The Nobel prize-winning physicist Sheldon Glashow spoke at the twenty-fifth Nobel conference in an attempt to counter these sorts of claims. His response consisted of the following "cosmic catechism": "We believe that the world is knowable, that there are simple rules governing the behavior of matter and the evolution of the universe...[and that] any intelligent alien anywhere would have come upon the same logical system as we have to explain the structure of protons and the nature of supernovae. This statement I cannot prove, this statement I cannot justify. This is my faith" (Glashow 1989, 24). Instead of refuting Feyerabend, however, Glashow vindicated him. For he admitted that his belief in the objectivity of science is simply a matter of faith. It's no wonder that science's stock has fallen so precipitously in recent years.
Scientists' ignorance of the philosophical underpinnings of their enterprise has not gone unnoticed. In 1986, biology Nobelist Sir Peter Medawar commented:
Ask a scientist what he conceives the scientific method to be, and he will adopt an expression that is at once solemn and shifty-eyed: solemn because he feels he ought to declare an opinion; shifty-eyed because he is wondering how to conceal the fact that he has no opinion to declare. (Quoted in Theocharis and Psimopoulos 1987, 595)
Scientists are a philosophically naive lot. But this naiveté does not come without a price. Because most scientists can't justify their methodology, Feyerabend's claims have gone largely unanswered. As a result, Feyerabend's position has become prominent in both academia and the public at large. This has arguably led not only to the rise of pseudoscience and religious fundamentalism, but also to a shrinking pool of scientific jobs and research funds. As physicists T. Theocharis and M. Psimopoulos lament in their article "Where Science Has Gone Wrong":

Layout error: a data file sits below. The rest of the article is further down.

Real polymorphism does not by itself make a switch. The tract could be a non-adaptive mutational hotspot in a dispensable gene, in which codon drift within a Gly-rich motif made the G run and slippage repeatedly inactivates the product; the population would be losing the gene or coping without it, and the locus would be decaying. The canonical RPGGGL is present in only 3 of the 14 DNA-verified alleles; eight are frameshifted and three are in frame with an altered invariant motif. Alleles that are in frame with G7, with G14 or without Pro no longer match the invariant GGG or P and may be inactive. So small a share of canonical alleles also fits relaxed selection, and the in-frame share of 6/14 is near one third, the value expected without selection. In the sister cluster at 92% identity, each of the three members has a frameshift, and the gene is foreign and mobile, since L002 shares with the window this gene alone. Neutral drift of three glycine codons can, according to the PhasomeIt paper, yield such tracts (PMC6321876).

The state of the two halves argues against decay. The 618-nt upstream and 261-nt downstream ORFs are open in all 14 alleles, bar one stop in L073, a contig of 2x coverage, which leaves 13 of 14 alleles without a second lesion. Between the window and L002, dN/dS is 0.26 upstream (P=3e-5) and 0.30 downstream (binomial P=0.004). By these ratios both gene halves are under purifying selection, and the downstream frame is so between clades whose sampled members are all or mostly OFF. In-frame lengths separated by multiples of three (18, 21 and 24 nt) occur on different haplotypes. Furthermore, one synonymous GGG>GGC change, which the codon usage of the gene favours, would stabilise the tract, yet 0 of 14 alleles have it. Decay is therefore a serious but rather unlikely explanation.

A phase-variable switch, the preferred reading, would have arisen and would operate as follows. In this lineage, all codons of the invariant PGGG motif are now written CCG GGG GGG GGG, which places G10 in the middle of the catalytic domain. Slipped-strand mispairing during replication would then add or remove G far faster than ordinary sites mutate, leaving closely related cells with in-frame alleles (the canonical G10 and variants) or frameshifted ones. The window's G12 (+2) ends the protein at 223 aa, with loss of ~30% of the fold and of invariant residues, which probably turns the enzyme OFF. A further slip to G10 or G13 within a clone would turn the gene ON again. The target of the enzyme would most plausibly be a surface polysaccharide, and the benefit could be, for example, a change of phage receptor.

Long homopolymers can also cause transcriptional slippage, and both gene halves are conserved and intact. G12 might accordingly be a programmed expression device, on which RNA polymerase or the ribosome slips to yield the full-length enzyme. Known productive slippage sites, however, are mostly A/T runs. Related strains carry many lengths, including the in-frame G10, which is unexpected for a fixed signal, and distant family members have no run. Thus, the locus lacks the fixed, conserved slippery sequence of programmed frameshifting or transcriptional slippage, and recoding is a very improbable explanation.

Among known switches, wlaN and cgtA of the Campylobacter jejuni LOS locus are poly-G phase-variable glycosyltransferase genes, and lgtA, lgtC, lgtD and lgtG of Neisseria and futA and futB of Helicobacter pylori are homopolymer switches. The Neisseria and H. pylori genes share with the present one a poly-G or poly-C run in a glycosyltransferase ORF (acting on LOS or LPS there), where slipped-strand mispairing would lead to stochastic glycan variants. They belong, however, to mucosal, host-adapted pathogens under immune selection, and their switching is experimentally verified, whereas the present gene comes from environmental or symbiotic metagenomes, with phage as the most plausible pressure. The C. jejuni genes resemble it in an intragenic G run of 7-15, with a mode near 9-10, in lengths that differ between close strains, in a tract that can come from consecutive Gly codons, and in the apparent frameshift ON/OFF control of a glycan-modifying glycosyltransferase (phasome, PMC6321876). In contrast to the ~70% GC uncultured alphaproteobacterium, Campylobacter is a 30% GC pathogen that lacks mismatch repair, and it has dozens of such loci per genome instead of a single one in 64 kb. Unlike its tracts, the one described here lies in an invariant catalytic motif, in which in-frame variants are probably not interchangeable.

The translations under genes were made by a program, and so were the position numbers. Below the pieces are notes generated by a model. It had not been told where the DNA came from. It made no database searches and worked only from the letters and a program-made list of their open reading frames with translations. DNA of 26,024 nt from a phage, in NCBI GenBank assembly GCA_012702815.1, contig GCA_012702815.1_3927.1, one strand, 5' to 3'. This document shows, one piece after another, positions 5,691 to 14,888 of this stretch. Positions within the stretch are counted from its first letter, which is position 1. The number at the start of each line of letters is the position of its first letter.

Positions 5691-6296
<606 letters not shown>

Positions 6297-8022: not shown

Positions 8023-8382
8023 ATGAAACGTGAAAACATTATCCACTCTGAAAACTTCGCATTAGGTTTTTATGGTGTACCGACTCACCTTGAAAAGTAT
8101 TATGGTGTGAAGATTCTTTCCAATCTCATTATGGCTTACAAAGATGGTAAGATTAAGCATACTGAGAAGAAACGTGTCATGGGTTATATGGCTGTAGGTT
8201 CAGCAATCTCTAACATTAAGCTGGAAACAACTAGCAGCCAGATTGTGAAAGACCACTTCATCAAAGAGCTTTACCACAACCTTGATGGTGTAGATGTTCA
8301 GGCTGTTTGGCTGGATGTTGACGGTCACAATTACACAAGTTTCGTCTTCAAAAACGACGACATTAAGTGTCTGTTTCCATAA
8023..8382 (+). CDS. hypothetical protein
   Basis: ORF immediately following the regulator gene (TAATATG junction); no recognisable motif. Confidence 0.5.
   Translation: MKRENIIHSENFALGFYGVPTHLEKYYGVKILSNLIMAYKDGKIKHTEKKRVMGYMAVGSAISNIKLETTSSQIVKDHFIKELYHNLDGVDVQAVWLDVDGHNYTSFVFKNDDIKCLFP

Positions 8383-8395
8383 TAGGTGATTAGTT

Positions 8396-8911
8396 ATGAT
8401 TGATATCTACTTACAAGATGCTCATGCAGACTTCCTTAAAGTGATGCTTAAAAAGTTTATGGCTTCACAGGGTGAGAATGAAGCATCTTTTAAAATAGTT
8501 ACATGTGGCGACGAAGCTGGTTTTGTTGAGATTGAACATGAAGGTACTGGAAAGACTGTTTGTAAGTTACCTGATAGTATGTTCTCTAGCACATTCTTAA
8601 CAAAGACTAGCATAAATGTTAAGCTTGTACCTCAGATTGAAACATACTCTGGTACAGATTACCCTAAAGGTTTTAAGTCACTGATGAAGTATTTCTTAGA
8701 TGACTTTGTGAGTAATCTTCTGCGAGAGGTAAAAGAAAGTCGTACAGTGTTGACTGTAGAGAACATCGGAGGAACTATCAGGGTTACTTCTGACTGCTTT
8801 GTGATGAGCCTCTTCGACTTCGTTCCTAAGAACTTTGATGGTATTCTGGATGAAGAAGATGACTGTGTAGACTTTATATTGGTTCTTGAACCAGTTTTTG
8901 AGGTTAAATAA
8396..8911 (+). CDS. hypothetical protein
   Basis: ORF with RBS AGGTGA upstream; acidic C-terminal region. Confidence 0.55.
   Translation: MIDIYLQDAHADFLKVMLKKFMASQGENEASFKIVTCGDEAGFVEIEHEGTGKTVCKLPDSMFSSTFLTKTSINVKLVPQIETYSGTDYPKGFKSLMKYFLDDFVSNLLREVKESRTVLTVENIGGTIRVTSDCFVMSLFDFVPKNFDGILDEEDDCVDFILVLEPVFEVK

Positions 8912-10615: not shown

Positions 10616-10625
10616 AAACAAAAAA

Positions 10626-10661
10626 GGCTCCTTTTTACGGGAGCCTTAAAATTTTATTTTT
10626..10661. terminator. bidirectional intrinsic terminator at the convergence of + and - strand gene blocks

Having lost their monopoly in the production of knowledge, scientists have also lost their privileged status in society. Thus the rewards to the creators of science's now ephemeral and disposable theories are currently being reduced to accord with their downgraded and devalued work, and with science's diminished ambitions. (Theocharis and Psimopoulos 1987, 595)
The rise of Feyerabend's view of science, they claim, is the "most fundamental and yet the least recognized cause" of the decline in science funding in the West. So don't let anyone tell you that philosophy has no practical import. If Theocharis and Psimopoulos are right, philosophy has put a number of scientists out of work.